“In the small business and mid-market corporate sector, we are seeing a massive migration overseas, particularly towards the upper end of the sector”

-Paul Simpson, Bank of America Merrill Lynch


Some regional differences in demand from corporates can come from the difference in perception and developments of trends in different regions. Mobile payments provide an example of this. “In Asia or Africa, mobile payments have a completely different meaning and speed of development than they do in the developed world,” says Deutsche Bank’s Spiegel. “This applies when you go into transaction banking services for corporates as well. In the emerging world there is more affinity with technology and more openness at times. For example, it is perhaps more likely for a corporate here to use a mobile device to approve a treasury payment. In the western world, this openness may still take some time to develop. There are different speeds of technological advancement and uptake around the world.”

The transaction banking landscape has changed dramatically over the past 10 years and this evolution is well placed to continue. “Trends such as the quest for real-time information, greater transparency and the use of technology in a more intuitive way will increase as we go forward,” says Deutsche Bank’s Spiegel. “There are emerging industries where the speed of development is enormous. We are asked by some of our clients to be very flexible and to be able to think and move with them, develop ideas and help implement these in a true partnership. We need to make investments into our underlying systems to allow this flexibility without risking the stability of the systems. This is an interesting challenge to have, because the more you are flexible and interfere with your underlying operating systems, the less stable they are. We are putting the appropriate infrastructure in place so that we can respond to clients’ needs individually without risking operational efficiency and security.”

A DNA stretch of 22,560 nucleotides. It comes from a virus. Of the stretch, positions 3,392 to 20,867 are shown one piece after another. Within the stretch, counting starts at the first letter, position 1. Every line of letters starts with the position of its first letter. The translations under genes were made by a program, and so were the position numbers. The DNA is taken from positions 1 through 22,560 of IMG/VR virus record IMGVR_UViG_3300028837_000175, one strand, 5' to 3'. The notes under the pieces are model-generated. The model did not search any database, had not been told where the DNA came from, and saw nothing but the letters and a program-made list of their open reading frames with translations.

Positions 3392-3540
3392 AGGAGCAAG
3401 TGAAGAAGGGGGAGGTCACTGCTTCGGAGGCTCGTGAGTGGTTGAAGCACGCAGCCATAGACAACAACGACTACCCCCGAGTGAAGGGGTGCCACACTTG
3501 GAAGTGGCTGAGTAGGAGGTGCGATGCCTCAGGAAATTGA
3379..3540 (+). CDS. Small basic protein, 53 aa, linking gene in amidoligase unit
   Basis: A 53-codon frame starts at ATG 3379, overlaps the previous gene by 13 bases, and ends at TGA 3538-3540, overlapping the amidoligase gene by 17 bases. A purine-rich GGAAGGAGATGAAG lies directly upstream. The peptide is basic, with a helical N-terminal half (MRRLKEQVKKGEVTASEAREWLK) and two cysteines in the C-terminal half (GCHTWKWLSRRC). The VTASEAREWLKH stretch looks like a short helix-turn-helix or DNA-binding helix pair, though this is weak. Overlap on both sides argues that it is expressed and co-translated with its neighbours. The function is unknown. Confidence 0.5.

BAML’s Simpson adds: “A trend that is happening now, and which is only going to become more prevalent in the future, is that corporates will increase their reliance and dependency on banks to be trusted advisers and implementers. We have built a dedicated team to specifically provide this kind of advisory expertise. The team is made up of ex-treasurers, CFOs, and tax and shared service professionals. The reason driving this trend is that corporates are being tasked to become more efficient and complete more complex projects, but they are not being given additional headcount.”